100 thousand people risk dying of starvation in South Sudan owing to the economic and political instability caused by man, a humanitarian emergency defined “man made famine” by international organizations. For 5.5 million South Sudanese, over half of the overall population, there will be increasingly less food in the coming months. Flour and rice cost more than the mean wages. The local currency is subject to strong and sudden depreciation owing to a decline in oil prices, which the Country is rich of. Some areas are plagued by cholera. It’s the dramatic situation of the youngest world Country, that has struggled to finally obtain independence in 2011, after a decades-long war. Today it returned to be “the African Country in most need of help”, said Fr Dante Carraro, chairman of Doctors with Africa- CUAMM, a non-governmental organization focused on healthcare. After having faced the Ebola endemics in Sierra Leone, CUAMM provides active support in South Sudan through 1 023 local and 53 international healthcare workers, including some twenty Italians. Such high numbers reflect the size of the needs. In fact, clashes between the army loyal to President Salva Kiir, belonging to the Dinka ethnic group, and the opposition forces led by ex-President Riek Machar, belonging to the Nuer ethnicity, have been ongoing since 2013. Armed militia attack also civilians considered members of the rival faction. Despite growing instability and the dangers run by the workers (many NGOs have reduced their staff, while the Italian Embassy was moved to Ethiopia, with only two officers in Juba), CUAMM has decided to remain near the local population. Against this backdrop, on February 26 Pope Francis announced the possibility of an ecumenical visit to South Sudan with the Archbishop of Canterbury Justin Welby, Primate of the Anglican Church. “It would represent an important thrust to a situation that seems to have reached a dead end”, remarked Fr Carraro, who just returned from a mission of service in the African Country, that counts some 3 million Christians.
A Country adrift. “The curfew in Juba starts every evening at 8:00, and until the city livens up it’s dangerous to go out”, he told SIR. “The Country is adrift. They failed to reach an understanding on shared governance, which foments the clashes.” To that must be added the vicious cycle in the economy. The drop in oil prices, due to the decisions of major stakeholders, has caused a decline in earnings and the depreciation of the local currency, which in turn resulted in lower salaries that dropped by 50% in the past two months. At the same time the price of foodstuffs has skyrocketed. Moreover, “the present instability coupled by fears for the presence of armed militia, prevent communication channels, vegetable seeds are not traded and local farmers have nothing to eat.”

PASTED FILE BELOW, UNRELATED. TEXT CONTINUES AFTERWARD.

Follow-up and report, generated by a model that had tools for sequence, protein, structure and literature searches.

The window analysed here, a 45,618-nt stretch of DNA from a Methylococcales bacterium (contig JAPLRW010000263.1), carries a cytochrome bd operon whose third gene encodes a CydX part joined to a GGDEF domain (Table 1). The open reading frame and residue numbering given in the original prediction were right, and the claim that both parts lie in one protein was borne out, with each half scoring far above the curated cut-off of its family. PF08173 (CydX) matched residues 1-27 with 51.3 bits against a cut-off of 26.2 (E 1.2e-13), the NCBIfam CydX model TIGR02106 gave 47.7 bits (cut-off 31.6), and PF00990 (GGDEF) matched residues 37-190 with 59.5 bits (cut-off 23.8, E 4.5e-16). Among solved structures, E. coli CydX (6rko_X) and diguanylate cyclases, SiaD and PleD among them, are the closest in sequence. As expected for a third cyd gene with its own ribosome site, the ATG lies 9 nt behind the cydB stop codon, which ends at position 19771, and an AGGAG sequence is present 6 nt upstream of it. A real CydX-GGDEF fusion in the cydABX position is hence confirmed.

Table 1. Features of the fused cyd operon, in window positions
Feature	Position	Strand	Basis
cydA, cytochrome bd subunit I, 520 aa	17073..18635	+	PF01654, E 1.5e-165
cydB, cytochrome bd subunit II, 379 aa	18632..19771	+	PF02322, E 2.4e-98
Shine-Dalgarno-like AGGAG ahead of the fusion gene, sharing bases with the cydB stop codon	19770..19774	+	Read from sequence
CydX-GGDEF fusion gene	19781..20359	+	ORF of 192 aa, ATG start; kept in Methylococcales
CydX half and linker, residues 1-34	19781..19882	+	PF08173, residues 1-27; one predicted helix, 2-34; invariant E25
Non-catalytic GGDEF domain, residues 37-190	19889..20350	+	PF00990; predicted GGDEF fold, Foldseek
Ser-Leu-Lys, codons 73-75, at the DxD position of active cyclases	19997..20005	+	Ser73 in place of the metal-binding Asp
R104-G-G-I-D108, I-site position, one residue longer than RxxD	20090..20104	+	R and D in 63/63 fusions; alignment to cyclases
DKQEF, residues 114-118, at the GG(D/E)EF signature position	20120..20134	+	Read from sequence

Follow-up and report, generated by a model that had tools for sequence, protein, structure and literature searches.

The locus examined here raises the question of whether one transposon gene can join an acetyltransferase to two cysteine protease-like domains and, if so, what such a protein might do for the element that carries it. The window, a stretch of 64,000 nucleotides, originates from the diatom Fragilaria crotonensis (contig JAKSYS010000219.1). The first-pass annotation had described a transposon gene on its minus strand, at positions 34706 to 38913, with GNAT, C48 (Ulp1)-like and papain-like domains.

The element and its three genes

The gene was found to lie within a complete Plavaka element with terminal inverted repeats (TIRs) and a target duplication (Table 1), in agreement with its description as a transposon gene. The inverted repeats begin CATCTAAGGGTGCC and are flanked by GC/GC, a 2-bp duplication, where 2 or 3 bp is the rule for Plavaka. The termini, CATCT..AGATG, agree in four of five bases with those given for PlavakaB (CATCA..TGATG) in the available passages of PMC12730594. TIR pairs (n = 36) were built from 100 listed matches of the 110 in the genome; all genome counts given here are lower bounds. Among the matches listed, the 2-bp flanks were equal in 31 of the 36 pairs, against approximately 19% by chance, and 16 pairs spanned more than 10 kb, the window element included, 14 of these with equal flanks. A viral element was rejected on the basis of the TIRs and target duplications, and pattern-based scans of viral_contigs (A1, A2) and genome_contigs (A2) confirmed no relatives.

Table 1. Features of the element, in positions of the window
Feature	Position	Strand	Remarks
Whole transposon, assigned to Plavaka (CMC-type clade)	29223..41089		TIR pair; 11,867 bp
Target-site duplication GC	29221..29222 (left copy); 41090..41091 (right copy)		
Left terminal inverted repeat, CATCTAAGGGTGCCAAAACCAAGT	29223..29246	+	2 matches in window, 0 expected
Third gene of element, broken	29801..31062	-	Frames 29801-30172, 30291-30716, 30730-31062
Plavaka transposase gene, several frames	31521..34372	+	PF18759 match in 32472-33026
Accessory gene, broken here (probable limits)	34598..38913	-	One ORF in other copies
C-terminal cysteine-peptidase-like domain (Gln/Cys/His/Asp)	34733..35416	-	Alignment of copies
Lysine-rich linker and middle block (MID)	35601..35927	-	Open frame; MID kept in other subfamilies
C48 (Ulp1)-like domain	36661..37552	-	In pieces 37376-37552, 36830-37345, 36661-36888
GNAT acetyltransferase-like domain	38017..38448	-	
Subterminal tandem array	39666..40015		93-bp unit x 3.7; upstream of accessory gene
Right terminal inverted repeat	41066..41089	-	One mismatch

The famine caused by the annual draught, worsened by human-caused famine, has led to starvation.
100 thousand displaced people in search of food. “It’s hard for us to fully understand what it means to ‘die of starvation’”, pointed out Fr Carraro, who with CUAMM workers and doctors has seen far too many desperate faces of mothers and fathers who have nothing to feed their children, with one-year-old toddlers weighing only 5kg, with their stomachs bloated as a result of severe undernourishment. People die for trivial reasons, infections, diarrhoea, or pneumonia. CUAMM, present with three hospitals and 90 healthcare centres in three internal States, is preparing for the arrival of
a new inflow of displaced persons, approximately 100 thousands, who are on their way from the State of Unity to Lake State in search of food and health assistance.
“80 to 90% of them are women and children. Men remain to try and defend their huts. They camp outside the hospitals. We are preparing to help them also by distributing blankets and bags of rice.”
The touching accounts of the CUAMM doctors working in the field. One of them, Dr John Major, South Sudanese, contracted cholera while treating his patients with the few medicines available and without protection. He managed to give himself an intravenous infusion and rehydrate himself. Despite his weak conditions he wanted to go immediately back to work in Shambe: “I can’t abandon my people.” “Here too people are afraid of starving”, said Doctor Flavio Bobbio, medical director of the Yirol Hospital. “The price of flour and rice is unaffordable for the poor living in distant villages”, he pointed out. At the end of the Papal audience of January 23 Pope Francis called to “commit not to stop at making statements, but also to provide concrete food aid and to allow it to reach suffering populations.” South Sudanese Catholic bishops appealed to “resume negotiations and seek solutions to end the war and the humanitarian crisis.” UN Agencies are mobilizing their efforts, but Fr Carraro said he hopes that
“aids will be given without a top-down approach, in order to avert the risk of food hoarding and speculation.
It is necessary to consult the NGOs that know the territory well.”